Forum for Science, Industry and Business

Sponsored by:     3M 
Search our Site:

 

Temperature Increases Causing Tropical Forests to Blossom, According to Study

10.07.2013
A new study led by Florida State University researcher Stephanie Pau shows that tropical forests are producing more flowers in response to only slight increases in temperature.

The study examined how changes in temperature, clouds and rainfall affect the number of flowers that tropical forests produce. Results showed that clouds mainly have an effect over short-term seasonal growth, but longer-term changes of these forests appear to be due to temperature.

While other studies have used long-term flower production data, this is the first study to combine these data with direct estimates of cloud cover based on satellite information.

The results of the study, “Clouds and Temperature Drive Dynamic Changes in Tropical Flower Production,” was published July 7 in the journal Nature Climate Change.

“Tropical forests are commonly thought of as the lungs of the earth and how many flowers they produce is one vital sign of their health,” said Pau, an assistant professor in Florida State’s Department of Geography. “However, there is a point at which forests can get too warm and flower production will decrease. We’re not seeing that yet at the sites we looked at, and whether that happens depends on how much the tropics will continue to warm.”

U.S. Geological Survey Senior Scientist Julio Betancourt, who was not involved in the study, described Pau’s research as “clever.”

“It integrates ground and satellite observations over nearly three decades to tease apart the influence of temperature and cloudiness on local flower production,” Betancourt said. “It confirms other recent findings that, in the tropics, even a modest warming can pack quite a punch.”

Pau led a team of international researchers who studied seasonal and year-to-year flower production in two contrasting tropical forests — a seasonally dry forest on Barro Colorado Island, Panama, and an “ever-wet” forest in Luquillo, Puerto Rico.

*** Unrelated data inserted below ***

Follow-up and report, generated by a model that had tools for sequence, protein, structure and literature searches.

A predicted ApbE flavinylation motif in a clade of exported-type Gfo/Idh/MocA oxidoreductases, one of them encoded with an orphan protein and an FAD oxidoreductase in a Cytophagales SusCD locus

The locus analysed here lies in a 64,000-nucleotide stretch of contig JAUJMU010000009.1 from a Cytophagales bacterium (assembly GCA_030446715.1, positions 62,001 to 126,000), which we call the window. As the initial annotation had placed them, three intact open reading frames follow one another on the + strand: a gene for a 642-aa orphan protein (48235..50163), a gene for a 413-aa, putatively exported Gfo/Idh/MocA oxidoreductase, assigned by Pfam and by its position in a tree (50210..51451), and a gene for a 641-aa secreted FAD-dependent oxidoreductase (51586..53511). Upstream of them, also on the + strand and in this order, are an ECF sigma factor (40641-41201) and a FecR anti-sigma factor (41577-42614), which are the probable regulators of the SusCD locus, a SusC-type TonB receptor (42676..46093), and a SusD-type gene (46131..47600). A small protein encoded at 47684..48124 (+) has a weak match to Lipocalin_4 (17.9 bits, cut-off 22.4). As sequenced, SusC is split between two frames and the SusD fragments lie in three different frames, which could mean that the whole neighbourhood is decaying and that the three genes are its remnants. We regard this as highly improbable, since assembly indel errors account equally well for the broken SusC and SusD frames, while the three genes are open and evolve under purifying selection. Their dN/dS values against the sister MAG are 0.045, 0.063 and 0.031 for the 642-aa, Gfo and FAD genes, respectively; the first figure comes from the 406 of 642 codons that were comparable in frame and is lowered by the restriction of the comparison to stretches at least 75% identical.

The seasonally dry site, according to Pau, has been producing more flowers at an average rate of 3 percent each year over the last several decades, an increase that appears to be tied to warming temperatures.

“We studied flowers because their growth is a measure of the reproductive health and overall growth of the forests, and because there is long-term data on flower production available,” Pau said.

The amount of sunlight reaching tropical forests due to varying amounts of cloud cover is an important factor, just not the most important when it comes to flower production.

“Clouds are a huge uncertainty in understanding the impacts of climate change on tropical forests,” Pau said. “Both sites still appear to respond positively to increases in light availability. Yet temperature was the most consistent factor across multiple time-scales.

“With most projections of future climate change, people have emphasized the impact on high-latitude ecosystems because that is where temperatures will increase the most,” Pau said. “The tropics, which are already warm, probably won’t experience as much of a temperature increase as high-latitude regions. Even so, we’re showing that these tropical forests are still really sensitive to small degrees of change.”

Pau conducted the research as part of the National Center for Ecological Analysis and Synthesis (NCEAS) Forecasting Phenology Working Group and with Elizabeth M. Wolkovich of the University of British Columbia’s Biodiversity Research Centre; Benjamin I. Cook of the NASA Goddard Institute for Space Studies and the Lamont-Doherty Earth Observatory; Christopher J. Nytch of the University of Puerto Rico’s Institute for Tropical Ecosystem Studies; James Regetz of the National Center for Ecological Analysis and Synthesis; Jess K. Zimmerman of the University of Puerto Rico’s Institute for Tropical Ecosystem Studies; and S. Joseph Wright of the Smithsonian Tropical Research Institute.

CONTACT: Stephanie Pau, FSU Department of Geography
(850) 644-8377; spau@fsu.edu

Stephanie Pau | Newswise
Further information: